Bindless Statements or How to Pinpoint the Reason of ORA-04031
SQL statements not using bind variables are just messing up your library cache and easily can cause ORA-04031 (unable to allocate %s bytes of shared memory) for other users. All attempts to increase shared pool or issue 'alter system flush shared_pool' do not eliminate the nature of the problem and can help only for a short while.
To bust the problem with ORA-04031 it is necessary to find the actual reason. Very often it happens to be SQL statements that do not use bind variables.
The "Note:146599.1" (Diagnosing and Resolving Error ORA-04031) gives an example of SQL query which is able to show some parts of those SQL statements:
SELECT substr(sql_text,1,40) "SQL", count(*) , sum(executions) "TotExecs" FROM v$sqlarea WHERE executions < 5 GROUP BY substr(sql_text,1,40) HAVING count(*) > 80 ORDER BY 2;
But we do not consider this query as an appropriate solution, and that is why:
After tracing the query and parsing trace file with OraSRP, you can see the following picture:
Response Time Components Summary
|Response Time Component||Duration||# Calls||- Duration per Call -|
|direct path write||6.15s||41.1%||963||0.006386s||0.00s||0.17s|
|direct path read||4.15s||27.7%||1,007||0.004121s||0.00s||0.32s|
|SQL*Net message from client||0.02s||0.1%||4||0.005000s||0.00s||0.01s|
|SQL*Net message to client||0.00s||0.0%||4||0.000000s||0.00s||0.00s|
Look carefully at 'direct path read/write' waits. Two thirds of our time we are just sorting. Why ? Because v$sqlarea is built up on x$kglcursor with grouping by several columns and that gives us these 'direct path read/write' waits.
Anyway, the best that query can show is only some shreds of real statements.
Another way (which you can try in real life) was proposed by Tom Kyte back in 2000. Answering question about "Library cache latch contention", Tom proposed the following PL/SQL code which detects statements with no bind variables:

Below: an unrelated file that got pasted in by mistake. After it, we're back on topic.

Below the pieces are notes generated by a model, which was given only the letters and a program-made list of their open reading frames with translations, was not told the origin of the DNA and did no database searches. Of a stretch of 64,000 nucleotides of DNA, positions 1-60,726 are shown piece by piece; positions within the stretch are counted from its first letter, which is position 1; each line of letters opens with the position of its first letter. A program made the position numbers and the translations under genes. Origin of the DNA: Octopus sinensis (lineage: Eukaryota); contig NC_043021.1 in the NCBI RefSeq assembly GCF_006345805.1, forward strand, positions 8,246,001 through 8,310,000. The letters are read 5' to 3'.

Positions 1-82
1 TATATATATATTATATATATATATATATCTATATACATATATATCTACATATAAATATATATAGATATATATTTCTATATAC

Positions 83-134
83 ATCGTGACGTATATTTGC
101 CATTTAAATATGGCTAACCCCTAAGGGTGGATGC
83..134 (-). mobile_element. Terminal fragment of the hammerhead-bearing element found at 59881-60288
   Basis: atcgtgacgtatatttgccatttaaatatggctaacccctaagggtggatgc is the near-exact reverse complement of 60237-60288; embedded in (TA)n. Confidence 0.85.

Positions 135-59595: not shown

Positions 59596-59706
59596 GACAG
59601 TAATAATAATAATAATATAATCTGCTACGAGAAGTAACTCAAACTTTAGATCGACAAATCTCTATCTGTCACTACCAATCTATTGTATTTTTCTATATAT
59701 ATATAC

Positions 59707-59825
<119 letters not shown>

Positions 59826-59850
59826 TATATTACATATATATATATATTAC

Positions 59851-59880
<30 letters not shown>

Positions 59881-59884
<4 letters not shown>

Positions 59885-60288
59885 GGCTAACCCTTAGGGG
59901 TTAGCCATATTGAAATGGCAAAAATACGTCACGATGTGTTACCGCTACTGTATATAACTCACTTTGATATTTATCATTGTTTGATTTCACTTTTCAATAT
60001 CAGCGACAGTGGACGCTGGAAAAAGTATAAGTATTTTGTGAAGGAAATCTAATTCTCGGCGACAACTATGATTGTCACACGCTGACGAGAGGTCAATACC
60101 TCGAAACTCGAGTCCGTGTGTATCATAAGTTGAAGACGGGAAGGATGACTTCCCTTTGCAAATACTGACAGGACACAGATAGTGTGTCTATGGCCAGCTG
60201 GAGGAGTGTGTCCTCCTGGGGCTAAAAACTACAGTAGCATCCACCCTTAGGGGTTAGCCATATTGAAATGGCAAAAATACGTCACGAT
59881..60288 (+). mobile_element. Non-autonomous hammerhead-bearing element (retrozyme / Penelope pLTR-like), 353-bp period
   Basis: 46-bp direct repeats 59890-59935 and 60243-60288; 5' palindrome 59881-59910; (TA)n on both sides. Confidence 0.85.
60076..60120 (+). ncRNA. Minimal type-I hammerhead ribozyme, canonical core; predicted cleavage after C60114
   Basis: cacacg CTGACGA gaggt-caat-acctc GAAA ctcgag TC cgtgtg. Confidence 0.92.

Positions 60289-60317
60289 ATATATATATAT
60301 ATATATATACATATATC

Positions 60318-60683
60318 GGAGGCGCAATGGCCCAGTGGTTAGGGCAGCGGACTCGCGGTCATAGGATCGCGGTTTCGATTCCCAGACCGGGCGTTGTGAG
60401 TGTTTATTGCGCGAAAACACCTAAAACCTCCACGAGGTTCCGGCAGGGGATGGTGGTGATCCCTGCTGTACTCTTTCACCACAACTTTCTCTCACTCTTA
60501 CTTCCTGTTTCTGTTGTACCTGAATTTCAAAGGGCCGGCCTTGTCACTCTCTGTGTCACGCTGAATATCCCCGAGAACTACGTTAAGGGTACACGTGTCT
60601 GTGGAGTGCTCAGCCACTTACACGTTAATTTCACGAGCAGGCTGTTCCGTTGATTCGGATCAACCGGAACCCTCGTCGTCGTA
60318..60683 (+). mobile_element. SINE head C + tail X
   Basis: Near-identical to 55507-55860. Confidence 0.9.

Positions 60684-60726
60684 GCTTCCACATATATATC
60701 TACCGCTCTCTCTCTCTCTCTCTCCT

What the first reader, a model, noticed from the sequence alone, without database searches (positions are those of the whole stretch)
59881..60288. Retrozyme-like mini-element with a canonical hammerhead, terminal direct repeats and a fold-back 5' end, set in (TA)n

create table t1 as select sql_text from v$sqlarea; alter table t1 add sql_text_wo_constants varchar2(1000); create or replace function remove_constants( p_query in varchar2 ) return varchar2 as l_query long; l_char varchar2(1); l_in_quotes boolean default FALSE; begin for i in 1 .. length( p_query ) loop l_char := substr(p_query,i,1); if ( l_char = '''' and l_in_quotes ) then l_in_quotes := FALSE; elsif ( l_char = '''' and NOT l_in_quotes ) then l_in_quotes := TRUE; l_query := l_query || '''#'; end if; if ( NOT l_in_quotes ) then l_query := l_query || l_char; end if; end loop; l_query := translate( l_query, '0123456789', '@@@@@@@@@@' ); for i in 0 .. 8 loop l_query := replace( l_query, lpad('@',10-i,'@'), '@' ); l_query := replace( l_query, lpad(' ',10-i,' '), ' ' ); end loop; return upper(l_query); end; / update t1 set sql_text_wo_constants = remove_constants(sql_text); select sql_text_wo_constants, count(*) from t1 group by sql_text_wo_constants having count(*) > 100 order by 2 /
Quite rough solution, but anyway, it can be accepted as a working one. It's funny to observe how this algorithm is cutting out numeric and text constants. But it is a bit pity to see the same 'v$sqlarea' being used in here, impacting performance of Oracle Server. However, if we are limited to use only SQL and PL/SQL it is probably the best way.
At this point there could come up an idea to not restrict ourselves with SQL. And finally, we created simple script bindless.py which gives almost the same as Tom Kyte's does, but puts less impact on Oracle Server and is reasonable faster.
In fact, this script could be written in Perl and even in ksh probably, but we have chosen Python, because it is just more fun for us.
Here what is happening in the script:
- using sqlplus, run query 'select sql_text from v$sql'
- put contents of spool file into 'hash'; it will remove duplicates coming from v$sql (v$sqlarea is doing 'group by' for the same reason)
- with 'regular expressions' a bit more accurately and sure faster that in Tom's case, do replace numeric and text constants with symbols '@' and '#' accordingly.
- build up a new 'hash' where 'key' is a "post-replace" sql statement and the 'value' is number of occurencies.
- sort new 'hash' by 'value' and print out SQL statements which occurs in library more than hundred times (or whatever number we specify at the script startup)
- All set! You can start to pull out owners of "bad" sql statements and encourage them to use bind variables in their SQL.
Should you have any questions or notes regarding script bindless.py, you can write them to me at any time.